Just One Kiss is a spin-off of Doris Johnson’s White Lies. Both books are stand-alones, but I recommend they both be read together to achieve the full dramatic impact of family secrets on the Morgan sisters.
Dory Morgan (née Dolores Jones) was introduced in the closing chapters of White Lies. Dory was caught up in the whirlwind that capsized Willow Morgan’s life. The two women, who had been raised as only children, discovered that they were both first cousins and half-sisters. Just One Kiss begins approximately six years after the close of White Lies.
Dory has left work at an African-American newspaper in New Jersey to become a best-selling mystery novelist and freelance travel writer. She lives in Irvington, New York, near her sister and her aunt. Willow and Jake Rivers have two sets of twins and their aunt Dorcas has remarried. As novel begins, it is the Christmas holiday season and Dory is beset by a heavy workload and a touch of single-woman’s melancholia. She longs for a loving relationship and children of her own. Her thoughts drift back to eight years ago when a co-worker kissed her at a holiday party - right before he was arrested. In the years since, she has never forgotten Reid Robinson nor that kiss.
Reid hasn’t forgotten that kiss, either. But he’s got a lot of other pressing things on his mind. There is the nursery business he now co-owns in Rochester with his brother. Jake Rivers’ landscaping firm is one of his customers. There is the nagging question of who set him up to be arrested on murder charges eight years ago. And there are health issues. Reid has been diagnosed with “borderline hypertension” and has been experiencing bouts of erectile dysfunction. Reid, who is single and in his mid-thirties, is devastated. Like Dory, he longs for a loving relationship and children of his own.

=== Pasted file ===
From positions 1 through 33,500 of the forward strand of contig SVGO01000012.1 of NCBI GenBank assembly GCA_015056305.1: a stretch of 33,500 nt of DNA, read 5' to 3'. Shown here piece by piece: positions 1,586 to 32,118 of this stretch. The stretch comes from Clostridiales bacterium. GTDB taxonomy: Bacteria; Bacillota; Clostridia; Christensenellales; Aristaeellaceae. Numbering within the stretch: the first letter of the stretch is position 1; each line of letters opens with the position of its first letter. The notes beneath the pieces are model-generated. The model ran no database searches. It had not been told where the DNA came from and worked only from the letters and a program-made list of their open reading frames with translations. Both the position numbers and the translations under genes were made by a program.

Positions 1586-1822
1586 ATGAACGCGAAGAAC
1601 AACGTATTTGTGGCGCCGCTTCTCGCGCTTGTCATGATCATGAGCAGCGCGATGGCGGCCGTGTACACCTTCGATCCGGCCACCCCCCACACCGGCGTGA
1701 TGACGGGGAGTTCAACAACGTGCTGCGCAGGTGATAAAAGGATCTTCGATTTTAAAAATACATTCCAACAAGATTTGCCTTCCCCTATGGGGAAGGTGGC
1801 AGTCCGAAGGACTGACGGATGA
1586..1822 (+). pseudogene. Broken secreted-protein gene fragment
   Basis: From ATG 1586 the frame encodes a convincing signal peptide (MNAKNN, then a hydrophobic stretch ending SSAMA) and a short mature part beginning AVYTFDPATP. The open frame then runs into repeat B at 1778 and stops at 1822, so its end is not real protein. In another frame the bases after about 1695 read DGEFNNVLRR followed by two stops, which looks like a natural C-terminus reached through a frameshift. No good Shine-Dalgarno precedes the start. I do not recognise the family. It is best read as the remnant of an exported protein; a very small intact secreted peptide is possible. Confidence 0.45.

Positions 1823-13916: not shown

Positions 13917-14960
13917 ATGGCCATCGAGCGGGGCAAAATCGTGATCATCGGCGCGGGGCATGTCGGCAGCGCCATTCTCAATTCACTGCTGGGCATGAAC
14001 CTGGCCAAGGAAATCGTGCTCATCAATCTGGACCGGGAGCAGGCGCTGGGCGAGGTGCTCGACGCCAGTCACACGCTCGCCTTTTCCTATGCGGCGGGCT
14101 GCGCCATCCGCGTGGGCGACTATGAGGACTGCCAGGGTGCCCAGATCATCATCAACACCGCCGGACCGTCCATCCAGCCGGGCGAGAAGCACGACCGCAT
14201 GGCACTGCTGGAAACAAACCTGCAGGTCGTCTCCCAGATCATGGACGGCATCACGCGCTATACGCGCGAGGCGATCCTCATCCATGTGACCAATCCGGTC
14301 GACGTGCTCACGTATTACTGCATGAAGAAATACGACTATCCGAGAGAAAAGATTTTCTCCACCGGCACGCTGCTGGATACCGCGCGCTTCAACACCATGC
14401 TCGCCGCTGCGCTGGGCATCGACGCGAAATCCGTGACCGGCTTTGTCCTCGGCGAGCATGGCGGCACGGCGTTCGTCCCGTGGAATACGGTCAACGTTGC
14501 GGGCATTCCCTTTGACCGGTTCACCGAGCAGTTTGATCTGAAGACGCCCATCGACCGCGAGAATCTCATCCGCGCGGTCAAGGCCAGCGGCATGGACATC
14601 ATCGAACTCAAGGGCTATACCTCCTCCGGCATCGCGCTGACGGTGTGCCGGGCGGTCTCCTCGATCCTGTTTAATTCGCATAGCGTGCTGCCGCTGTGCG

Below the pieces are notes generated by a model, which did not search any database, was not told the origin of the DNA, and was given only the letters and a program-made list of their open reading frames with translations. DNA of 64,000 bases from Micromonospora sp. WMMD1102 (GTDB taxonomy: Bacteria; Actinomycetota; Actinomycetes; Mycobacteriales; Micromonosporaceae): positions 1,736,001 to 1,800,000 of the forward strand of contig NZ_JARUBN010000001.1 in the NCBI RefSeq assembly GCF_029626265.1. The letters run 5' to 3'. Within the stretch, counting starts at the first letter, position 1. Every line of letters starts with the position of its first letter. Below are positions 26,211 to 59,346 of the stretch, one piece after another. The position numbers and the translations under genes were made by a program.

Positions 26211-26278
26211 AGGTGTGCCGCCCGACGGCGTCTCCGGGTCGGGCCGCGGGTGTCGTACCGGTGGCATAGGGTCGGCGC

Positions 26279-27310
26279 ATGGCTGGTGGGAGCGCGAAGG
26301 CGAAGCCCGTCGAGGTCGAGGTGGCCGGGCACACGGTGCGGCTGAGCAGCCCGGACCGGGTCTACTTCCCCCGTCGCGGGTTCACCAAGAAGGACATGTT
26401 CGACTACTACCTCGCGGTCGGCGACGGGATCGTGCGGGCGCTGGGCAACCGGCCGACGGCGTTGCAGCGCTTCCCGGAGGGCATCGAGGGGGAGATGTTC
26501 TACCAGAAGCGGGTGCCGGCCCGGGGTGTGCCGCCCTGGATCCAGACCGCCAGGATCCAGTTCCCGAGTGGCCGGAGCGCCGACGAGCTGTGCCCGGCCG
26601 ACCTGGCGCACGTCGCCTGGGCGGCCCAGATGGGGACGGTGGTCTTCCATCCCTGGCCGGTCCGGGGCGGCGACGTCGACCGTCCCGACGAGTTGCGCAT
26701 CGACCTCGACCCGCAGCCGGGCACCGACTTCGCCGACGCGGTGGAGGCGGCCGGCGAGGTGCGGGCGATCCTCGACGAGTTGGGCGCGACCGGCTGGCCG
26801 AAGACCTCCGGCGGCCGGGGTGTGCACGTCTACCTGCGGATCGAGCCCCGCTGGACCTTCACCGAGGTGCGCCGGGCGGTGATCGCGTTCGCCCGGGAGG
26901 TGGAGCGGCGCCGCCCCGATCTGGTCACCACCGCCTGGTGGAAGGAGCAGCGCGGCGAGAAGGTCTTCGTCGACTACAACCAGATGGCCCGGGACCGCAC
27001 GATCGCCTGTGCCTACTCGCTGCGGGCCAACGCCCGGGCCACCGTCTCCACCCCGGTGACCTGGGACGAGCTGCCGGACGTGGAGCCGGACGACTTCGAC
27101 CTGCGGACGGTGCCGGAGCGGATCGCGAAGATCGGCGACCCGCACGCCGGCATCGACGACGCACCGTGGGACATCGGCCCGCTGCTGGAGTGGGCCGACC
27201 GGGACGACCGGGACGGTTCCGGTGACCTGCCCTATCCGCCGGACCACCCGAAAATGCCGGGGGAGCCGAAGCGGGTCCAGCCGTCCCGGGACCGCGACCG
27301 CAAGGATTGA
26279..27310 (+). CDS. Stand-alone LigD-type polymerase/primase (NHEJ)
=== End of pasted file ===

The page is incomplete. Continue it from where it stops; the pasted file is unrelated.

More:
Reid decides to take his doctor’s advice and take two months off to eliminate stress from his life.
He is about to embark on a train trip. Before his vacation can begin, Reid must attend a business function, a masquerade ball in Irvington. It’s déjà vu as Reid encounters Dory. They dance and he updates the kiss they shared eight years before - then promptly walks out of her life again. She is stunned.
But guess who’s on the same train as Reid? Dory is onboard preparing a travel article and doing research for her next mystery. Reid and Dory spend a great deal of time on the train together, especially after the journey turns into the trip from hell. There is a murder, a rape, lots of creepy characters and several loose ends on the train between New York and Chicago. Reid wants to keep Dory close - but not too close - because of his fear of disappointing her in bed. The mysteries don’t end once the train reaches Union Station in Chicago. Reid still has to figure out why he was set-up and Dory discovers yet more family secrets in this very, very busy book.
The most intriguing facets of the story take place in Rockford, Illinois, where Dory grew up. Alma Manning, Dory’s late mother’s friend and confidante, has more information about her past.
It is the most compelling part of the novel. This part of the story is told cleanly and completely.
Reid and Dory are likable characters and their chemistry is credible. However, several other parts of their characterization didn’t quite ring true for me. For example, with all Dory’s journalistic training and mystery writing experience, I found it hard to believe that her personal or professional curiosity didn’t lead her to find out what happened to Reid on her own - before eight years had lapsed. Additionally, Reid was taken away from a party held at the newspaper. It was inconceivable that no editor demanded that a reporter accompany Reid or follow him to the police station - if only to get the story ahead of the competition. A reporter was arrested for murder and there were no stories on how the case was resolved?
For his part, Reid was understandably anxious about his impotence. However, he often seems more interested in his response to Dory in bed than he is about alleviating any misgivings she may have had about his arrest or in reconstructing a relationship with her after so many years. They have both had incredible, life-altering experiences since they have been apart.
The secondary characters give much needed support to the main characters. It is good to see Jake and Willow Rivers and their children. However, a subplot involving Jake’s brother designed to bring about resolution to his storyline posed more questions than it answered. There are way too many suplots in the 316 pages of the novel.
This novel will appeal to those who have read Willow and Jake Rivers’ story. White Lies and Just One Kiss, the story of the Morgan sisters, should be read together. They are interesting studies of how two women emerged from unthinkable tragedies to find love. However, my favorite Doris Johnson stories are Precious Heart and “Father at Heart” in the Man of the House anthology.